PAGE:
A339671


a(1) = 1, a(2) = 2; for n>2, a(n) = smallest number not already used that shares a prime factor with a(n1) and has a prime factor not in a(n2).


2



1, 2, 4, 6, 3, 15, 5, 10, 8, 12, 9, 21, 7, 14, 16, 18, 20, 22, 11, 33, 24, 26, 13, 39, 27, 30, 25, 35, 28, 32, 34, 17, 51, 36, 38, 19, 57, 42, 40, 44, 46, 23, 69, 45, 48, 50, 52, 54, 56, 49, 63, 60, 55, 65, 70, 58, 29, 87, 66, 62, 31, 93, 72, 64, 68, 74, 37, 111, 75, 78, 76, 80, 82, 41, 123, 81
(list;
graph;
refs;
listen;
history;
text;
internal format)



OFFSET

1,2


COMMENTS

Inspired by A064413 and A336957. The terms show a similar pattern to A064413, and like that sequence they are likely a permutation of the positive integers. Many terms also match the values in A169837. For example a(17)=20 to a(115)=111 (shifted by an index of 1) are the same, but then differ again before more matches occurr.
See A339670 for a similar sequence where the prime factor rules are reversed.


LINKS

Table of n, a(n) for n=1..76.


EXAMPLE

a(4) = 6 as a(3) = 4 = 2*2 and a(2) = 2, thus a(4) must contain 2 as a prime factor but must also contain a prime factor other than 2. The lowest unused number matching these criteria is 2*3 = 6.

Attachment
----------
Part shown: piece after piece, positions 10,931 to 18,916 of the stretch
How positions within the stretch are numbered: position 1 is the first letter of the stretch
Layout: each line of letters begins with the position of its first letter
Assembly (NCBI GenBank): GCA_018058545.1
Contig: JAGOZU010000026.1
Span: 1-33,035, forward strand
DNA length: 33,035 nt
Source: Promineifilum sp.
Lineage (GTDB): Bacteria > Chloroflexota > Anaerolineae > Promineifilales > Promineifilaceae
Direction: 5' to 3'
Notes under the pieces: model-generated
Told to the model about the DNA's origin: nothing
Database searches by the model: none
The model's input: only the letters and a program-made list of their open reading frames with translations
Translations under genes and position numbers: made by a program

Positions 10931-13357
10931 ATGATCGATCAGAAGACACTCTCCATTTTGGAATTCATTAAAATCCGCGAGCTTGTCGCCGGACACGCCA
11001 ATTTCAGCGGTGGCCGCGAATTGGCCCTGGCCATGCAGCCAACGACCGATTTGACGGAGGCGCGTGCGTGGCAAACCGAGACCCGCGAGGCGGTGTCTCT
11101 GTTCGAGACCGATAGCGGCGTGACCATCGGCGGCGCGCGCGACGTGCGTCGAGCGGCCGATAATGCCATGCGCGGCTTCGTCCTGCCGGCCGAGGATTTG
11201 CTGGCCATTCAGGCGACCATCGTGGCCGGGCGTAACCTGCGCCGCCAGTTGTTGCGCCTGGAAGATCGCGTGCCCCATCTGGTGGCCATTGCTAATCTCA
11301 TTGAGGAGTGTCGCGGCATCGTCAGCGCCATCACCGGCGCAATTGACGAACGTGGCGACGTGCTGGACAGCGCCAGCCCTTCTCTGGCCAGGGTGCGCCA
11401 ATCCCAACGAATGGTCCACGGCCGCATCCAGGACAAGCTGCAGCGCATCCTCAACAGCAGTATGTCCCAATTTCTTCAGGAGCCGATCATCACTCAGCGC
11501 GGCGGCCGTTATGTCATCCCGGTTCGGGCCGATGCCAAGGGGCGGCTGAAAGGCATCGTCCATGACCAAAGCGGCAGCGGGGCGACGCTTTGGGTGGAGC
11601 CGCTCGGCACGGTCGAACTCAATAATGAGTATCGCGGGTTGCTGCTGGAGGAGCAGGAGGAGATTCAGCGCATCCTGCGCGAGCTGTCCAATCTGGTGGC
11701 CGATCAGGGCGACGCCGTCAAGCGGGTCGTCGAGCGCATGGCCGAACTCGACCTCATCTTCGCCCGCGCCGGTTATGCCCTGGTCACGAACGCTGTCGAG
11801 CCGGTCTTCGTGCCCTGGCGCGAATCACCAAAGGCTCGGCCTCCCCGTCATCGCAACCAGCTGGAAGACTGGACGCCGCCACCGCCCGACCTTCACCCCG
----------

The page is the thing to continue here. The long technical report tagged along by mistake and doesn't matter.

a(6) = 15 as a(5) = 3 and a(4) = 6 = 2*3, thus a(6) must contain 3 as a prime factor but must also contain a prime factor other than 2 and 3. The lowest unused number matching these criteria is 3*5 = 15. This is the first term that differs from A064413.


MATHEMATICA

Block[{a = {1, 2}, b = {}, c = {2}, p, k}, Do[k = 2; While[Nand[FreeQ[a, k], IntersectingQ[c, Set[p, FactorInteger[k][[All, 1]]]], Length@ Complement[p, Intersection[b, p]] > 0], k++]; AppendTo[a, k]; b = c; c = p, 75]; a] (* Michael De Vlieger, Dec 12 2020 *)


CROSSREFS

Cf. A339670, A064413, A169837, A336957, A098550, A255582, A020639.
Sequence in context: A329492 A163234 A072984 * A317310 A231655 A018841
Adjacent sequences: A339668 A339669 A339670 * A339672 A339673 A339674


KEYWORD

nonn


AUTHOR

Scott R. Shannon, Dec 12 2020


STATUS

approved